In the early 14th-Century, Alvarius Pelagius, a Franciscan, described some of the university students of that age. Pelagius commented that, “They attend classes but make no effort to learn anything…The expense money which they have from their parents or churches they spend in taverns…” From various accounts, some students were as distracted from university studies as contemporary students are today.
Unlike the proliferation of colleges and universities in contemporary Europe and America, the High Middle Ages had few such institutions and the fields of study were limited to rhetoric, canon law, civil law, and medicine. The first universities appeared in Bologna, Paris and Oxford, offering studies in rhetoric, civil law, cannon law and medicine to male students.
Although some historians credit Bologna in Italy as the first university, others note that the University of Paris, followed by Oxford in England, was founded around the same time. Closely associated with the Catholic Church, masters or instructors received their certificates to lecture from ecclesiastical sources. This changed in the early Thirteenth Century when universities received charters and direct support either from kings or other powerful nobles.
Students formed themselves into guilds, paying masters for the lectures. Although students tended to come from well-off families, each university had its share of poor students. In addition to paying teachers, students paid for their own room and board. In one account, Richard of Chichester (also known as Richard de Wych), later a bishop, shared the one gown required to be worn during a lecture with two rooming companions.
By the mid to late Thirteenth Century, wealthy benefactors established “colleges” that housed poor students such as the Sorbonne, founded in 1258 by Robert de Sorbon. Other benefactors, notably in England, established preparatory schools for students whose knowledge of Latin was poor.
Despite a tendency toward rowdiness that frequently ended with student groups physically fighting local townspeople, students were immune from punishment. Universities were also good places for criminals and other social undesirables to blend in and avoid detection and capture. Students were always in need of money, writing letters to parents pleading for more funds. They drank, frequented brothels and partied.
Some professors lamented that students avoided studying theology, the “queen of the sciences,” and a discipline requiring the most rigorous study. Rather, students pursued law and medicine, two fields that tended to be far more lucrative.
The learning format was lecture and debate and students were required to master Latin. Students and faculties were male; high-born women or women in religious communities were educated in their homes or in convents. For the female in the Middle Ages, life as a nun was one of the few ways to receive an education and even this was limited and frowned upon. An excellent example is the life of Hildegard of Bingen.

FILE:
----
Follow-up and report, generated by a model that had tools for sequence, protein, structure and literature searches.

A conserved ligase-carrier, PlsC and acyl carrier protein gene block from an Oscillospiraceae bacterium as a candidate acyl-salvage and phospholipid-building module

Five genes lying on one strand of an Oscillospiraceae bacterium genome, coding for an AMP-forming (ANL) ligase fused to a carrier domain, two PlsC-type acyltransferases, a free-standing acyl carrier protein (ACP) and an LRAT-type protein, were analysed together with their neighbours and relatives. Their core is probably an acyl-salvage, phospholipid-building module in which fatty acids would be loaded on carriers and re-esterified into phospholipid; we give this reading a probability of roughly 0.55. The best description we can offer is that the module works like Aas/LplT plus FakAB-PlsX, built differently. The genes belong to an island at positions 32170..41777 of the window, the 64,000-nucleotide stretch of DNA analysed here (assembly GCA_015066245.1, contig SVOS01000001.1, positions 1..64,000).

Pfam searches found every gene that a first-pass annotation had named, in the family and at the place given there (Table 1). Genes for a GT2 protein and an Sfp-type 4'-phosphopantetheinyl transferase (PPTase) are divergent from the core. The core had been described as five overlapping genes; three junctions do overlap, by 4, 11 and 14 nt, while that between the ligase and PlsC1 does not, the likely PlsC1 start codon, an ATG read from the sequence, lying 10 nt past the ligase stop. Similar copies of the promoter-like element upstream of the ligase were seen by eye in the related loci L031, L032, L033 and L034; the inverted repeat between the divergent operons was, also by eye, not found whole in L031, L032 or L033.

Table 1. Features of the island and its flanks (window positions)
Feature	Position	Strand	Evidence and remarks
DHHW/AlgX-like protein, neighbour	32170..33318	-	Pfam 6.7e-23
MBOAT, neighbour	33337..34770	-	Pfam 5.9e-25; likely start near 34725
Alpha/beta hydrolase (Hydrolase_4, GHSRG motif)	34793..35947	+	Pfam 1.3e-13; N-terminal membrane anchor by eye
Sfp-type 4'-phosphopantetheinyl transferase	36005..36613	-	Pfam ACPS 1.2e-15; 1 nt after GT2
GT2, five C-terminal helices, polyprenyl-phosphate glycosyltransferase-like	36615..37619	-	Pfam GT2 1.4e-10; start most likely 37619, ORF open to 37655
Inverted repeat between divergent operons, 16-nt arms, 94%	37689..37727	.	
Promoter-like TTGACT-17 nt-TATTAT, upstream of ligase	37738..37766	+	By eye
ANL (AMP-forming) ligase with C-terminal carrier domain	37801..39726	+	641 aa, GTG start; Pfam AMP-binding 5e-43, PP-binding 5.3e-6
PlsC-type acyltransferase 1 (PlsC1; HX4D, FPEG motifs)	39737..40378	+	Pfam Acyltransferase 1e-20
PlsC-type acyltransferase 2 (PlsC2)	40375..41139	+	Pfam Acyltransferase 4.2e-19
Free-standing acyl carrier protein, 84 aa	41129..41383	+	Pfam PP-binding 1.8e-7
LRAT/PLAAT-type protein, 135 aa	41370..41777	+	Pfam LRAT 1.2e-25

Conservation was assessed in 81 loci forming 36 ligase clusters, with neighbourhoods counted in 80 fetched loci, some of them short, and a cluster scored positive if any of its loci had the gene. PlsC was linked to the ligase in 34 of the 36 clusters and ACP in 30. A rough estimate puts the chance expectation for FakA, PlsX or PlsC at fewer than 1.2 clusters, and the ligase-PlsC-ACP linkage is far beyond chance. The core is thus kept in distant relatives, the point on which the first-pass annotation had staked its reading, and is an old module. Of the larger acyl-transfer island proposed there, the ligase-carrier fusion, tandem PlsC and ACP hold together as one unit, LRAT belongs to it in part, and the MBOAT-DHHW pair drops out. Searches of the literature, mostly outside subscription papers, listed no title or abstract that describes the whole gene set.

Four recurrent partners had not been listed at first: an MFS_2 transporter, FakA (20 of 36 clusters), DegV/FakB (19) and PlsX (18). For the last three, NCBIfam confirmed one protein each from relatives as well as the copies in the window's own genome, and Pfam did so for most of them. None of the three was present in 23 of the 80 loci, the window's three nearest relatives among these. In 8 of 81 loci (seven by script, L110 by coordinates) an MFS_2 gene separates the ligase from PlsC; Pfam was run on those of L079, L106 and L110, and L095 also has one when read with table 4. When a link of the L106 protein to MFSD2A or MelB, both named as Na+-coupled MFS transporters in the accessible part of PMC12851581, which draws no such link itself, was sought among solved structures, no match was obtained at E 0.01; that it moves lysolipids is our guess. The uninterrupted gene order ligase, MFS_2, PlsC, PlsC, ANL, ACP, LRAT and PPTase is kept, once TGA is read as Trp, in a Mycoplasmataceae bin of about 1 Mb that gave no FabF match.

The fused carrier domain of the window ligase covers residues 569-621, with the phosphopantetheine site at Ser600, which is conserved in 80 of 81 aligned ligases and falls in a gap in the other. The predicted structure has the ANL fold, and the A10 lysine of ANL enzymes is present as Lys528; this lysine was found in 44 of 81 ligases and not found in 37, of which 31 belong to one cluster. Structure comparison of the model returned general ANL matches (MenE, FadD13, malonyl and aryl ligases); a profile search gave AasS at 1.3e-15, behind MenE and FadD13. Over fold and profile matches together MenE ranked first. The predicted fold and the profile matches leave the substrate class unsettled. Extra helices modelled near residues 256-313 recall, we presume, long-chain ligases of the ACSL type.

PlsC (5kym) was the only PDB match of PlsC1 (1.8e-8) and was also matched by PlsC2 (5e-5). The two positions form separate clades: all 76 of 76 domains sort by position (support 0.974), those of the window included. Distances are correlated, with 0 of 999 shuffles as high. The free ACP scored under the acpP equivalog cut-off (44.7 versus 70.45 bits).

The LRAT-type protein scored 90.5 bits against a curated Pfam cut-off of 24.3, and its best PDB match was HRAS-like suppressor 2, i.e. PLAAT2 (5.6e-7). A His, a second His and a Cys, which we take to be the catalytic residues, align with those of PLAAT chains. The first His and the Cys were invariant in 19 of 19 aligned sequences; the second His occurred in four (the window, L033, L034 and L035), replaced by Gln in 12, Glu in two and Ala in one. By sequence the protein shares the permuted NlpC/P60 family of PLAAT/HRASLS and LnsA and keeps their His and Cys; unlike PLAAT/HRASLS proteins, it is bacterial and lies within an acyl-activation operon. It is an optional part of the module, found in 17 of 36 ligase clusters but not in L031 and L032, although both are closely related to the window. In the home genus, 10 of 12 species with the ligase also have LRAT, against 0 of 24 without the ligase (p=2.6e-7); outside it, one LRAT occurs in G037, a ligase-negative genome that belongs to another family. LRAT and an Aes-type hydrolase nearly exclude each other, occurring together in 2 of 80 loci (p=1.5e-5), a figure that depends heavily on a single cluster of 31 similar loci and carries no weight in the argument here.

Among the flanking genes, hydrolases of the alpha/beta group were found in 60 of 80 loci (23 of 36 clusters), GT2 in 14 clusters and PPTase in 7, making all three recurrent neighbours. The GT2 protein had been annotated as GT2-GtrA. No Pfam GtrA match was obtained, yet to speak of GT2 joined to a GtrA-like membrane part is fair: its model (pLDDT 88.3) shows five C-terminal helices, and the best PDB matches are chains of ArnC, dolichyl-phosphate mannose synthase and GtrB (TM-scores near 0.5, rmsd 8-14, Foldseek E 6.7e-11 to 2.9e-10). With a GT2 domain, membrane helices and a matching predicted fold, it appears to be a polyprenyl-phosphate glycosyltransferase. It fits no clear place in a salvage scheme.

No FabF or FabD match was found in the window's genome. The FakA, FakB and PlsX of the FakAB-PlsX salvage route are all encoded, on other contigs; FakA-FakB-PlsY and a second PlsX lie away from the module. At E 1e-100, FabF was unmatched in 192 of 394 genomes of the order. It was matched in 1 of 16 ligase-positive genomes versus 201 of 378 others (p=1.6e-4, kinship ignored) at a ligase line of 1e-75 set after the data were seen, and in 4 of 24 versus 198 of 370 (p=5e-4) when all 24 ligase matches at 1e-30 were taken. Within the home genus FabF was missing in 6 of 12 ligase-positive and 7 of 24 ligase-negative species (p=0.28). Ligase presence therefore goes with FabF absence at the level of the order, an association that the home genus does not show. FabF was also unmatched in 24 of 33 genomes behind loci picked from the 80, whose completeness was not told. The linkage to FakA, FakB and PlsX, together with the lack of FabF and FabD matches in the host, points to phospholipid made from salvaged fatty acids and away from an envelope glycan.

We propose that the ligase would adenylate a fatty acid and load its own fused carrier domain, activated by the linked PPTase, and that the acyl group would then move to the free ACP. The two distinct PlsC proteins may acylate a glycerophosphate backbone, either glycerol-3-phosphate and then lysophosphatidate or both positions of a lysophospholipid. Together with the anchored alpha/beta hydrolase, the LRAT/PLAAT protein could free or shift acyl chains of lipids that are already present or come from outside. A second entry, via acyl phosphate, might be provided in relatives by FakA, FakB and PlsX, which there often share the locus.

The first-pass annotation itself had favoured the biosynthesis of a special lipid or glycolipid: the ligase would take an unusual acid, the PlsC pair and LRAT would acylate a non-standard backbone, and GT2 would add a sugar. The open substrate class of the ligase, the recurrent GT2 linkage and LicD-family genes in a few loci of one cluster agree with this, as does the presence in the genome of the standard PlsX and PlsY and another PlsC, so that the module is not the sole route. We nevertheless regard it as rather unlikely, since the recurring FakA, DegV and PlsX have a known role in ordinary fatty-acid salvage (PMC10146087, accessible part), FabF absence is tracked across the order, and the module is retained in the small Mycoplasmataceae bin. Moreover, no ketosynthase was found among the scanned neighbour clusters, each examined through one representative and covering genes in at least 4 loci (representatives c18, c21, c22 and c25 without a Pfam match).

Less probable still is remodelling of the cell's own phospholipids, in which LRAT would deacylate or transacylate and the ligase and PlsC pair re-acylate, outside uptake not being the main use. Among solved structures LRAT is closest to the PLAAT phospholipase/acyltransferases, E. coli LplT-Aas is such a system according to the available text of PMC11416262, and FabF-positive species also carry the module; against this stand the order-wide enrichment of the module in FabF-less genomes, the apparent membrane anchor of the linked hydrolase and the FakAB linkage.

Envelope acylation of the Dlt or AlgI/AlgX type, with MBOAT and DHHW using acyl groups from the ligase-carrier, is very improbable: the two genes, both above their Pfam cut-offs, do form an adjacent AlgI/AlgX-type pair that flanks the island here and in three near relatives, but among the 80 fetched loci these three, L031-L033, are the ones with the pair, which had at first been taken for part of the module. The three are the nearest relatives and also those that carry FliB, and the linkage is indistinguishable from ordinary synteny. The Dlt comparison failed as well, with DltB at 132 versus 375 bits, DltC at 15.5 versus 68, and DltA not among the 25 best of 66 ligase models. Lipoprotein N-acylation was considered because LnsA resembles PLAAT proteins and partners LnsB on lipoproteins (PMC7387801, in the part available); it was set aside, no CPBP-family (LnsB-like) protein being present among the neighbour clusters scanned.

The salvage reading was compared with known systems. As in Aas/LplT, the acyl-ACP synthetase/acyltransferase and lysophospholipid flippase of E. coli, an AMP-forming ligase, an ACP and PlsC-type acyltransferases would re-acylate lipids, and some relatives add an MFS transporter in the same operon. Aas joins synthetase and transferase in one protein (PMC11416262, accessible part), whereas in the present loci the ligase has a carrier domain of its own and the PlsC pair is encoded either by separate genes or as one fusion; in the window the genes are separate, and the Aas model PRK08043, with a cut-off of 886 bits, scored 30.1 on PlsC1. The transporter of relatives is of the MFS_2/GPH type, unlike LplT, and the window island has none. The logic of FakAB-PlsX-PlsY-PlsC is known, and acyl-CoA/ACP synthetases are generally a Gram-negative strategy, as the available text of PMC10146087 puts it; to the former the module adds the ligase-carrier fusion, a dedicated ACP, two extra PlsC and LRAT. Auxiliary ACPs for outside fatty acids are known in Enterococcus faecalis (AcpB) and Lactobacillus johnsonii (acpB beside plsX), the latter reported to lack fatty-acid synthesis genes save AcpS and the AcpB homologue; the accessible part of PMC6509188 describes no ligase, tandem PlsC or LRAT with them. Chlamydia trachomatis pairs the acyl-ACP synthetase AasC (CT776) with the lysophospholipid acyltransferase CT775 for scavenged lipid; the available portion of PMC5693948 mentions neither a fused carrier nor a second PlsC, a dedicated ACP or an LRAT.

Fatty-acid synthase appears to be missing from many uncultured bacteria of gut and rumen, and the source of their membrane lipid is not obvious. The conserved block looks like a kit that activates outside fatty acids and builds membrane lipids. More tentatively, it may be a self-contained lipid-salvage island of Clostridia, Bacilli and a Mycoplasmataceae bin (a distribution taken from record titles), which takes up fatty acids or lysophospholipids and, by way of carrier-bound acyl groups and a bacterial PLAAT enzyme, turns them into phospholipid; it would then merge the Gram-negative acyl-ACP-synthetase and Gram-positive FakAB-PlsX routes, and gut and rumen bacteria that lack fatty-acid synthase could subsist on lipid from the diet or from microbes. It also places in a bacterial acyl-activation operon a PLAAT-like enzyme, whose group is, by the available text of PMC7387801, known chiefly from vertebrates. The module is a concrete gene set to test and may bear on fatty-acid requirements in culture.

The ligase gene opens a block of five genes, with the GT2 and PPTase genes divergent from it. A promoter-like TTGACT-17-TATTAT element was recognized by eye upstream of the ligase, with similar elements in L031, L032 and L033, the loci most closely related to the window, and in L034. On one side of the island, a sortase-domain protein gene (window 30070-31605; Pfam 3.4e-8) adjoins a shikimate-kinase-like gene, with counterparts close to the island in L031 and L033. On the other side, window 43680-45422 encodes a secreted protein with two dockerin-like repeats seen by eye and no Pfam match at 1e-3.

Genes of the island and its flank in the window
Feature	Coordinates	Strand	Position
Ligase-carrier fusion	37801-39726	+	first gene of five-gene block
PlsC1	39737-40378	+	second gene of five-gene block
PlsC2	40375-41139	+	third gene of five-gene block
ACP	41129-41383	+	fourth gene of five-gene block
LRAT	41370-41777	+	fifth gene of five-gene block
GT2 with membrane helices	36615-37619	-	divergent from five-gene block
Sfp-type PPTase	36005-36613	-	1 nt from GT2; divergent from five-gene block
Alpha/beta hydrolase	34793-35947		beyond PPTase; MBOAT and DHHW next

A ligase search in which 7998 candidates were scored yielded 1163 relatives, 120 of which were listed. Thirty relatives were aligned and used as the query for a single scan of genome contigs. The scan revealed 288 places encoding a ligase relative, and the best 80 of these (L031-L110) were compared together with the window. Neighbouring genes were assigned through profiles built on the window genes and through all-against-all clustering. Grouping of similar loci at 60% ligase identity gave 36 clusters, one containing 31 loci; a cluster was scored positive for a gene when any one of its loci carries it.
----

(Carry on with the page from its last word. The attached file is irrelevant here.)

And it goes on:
The Twenty-First Century University Inherits Medieval Traditions
Despite technology, many university classes still feature the lecture format. Some fields of contemporary study, such as law, utilize the Socratic Method in lectures. Graduation attire, including regalia, can be traced to the traditions begun in the Middle Ages.
Although religious studies were considered the top tier of university studies in early universities, religion and theology has become de-emphasized and many universities no longer offer religion programs beyond a Bachelors Degree. In America, Harvard University is a perfect example. Founded in 1636 as a seminary, it is usually equated today with its other programs, notably the law school.
Continued Growth of the University System in the Middle Ages and Beyond
From the end of the Thirteenth Century and into the next, greater numbers of colleges and universities were founded. Recovered texts from the Roman period, such as Justinian’s Corpus Juris Civilis, expanded the field of learning, particularly legal studies. Increased contact with the ever diminished Byzantines resulted in scholars fleeing Muslim incursions and bringing their books with them.
By the Renaissance, university studies underwent more significant changes. Ultimately, the birth of the university system in the Twelfth Century began a process that substantially impacted Western Civilization, effecting law, medicine, and a pathway toward an openness that would eventually break with the old order of thinking, leading Europe into the early modern period.
- Morris Bishop, The Middle Ages (American Heritage Press, 1970)
- Maurice Keen, The Pelican History of Medieval Europe (Penguin Books, 1987)
- Brian Tierney and Sidney Painter, Western Europe in the Middle Ages 300-1475, 5th Edition (McGraw-Hill, Inc., 1992)
- Brian Tierney, The Middle Ages: Volume 1, Sources of Medieval History, 5th Edition (McGraw-Hill, Inc., 1992)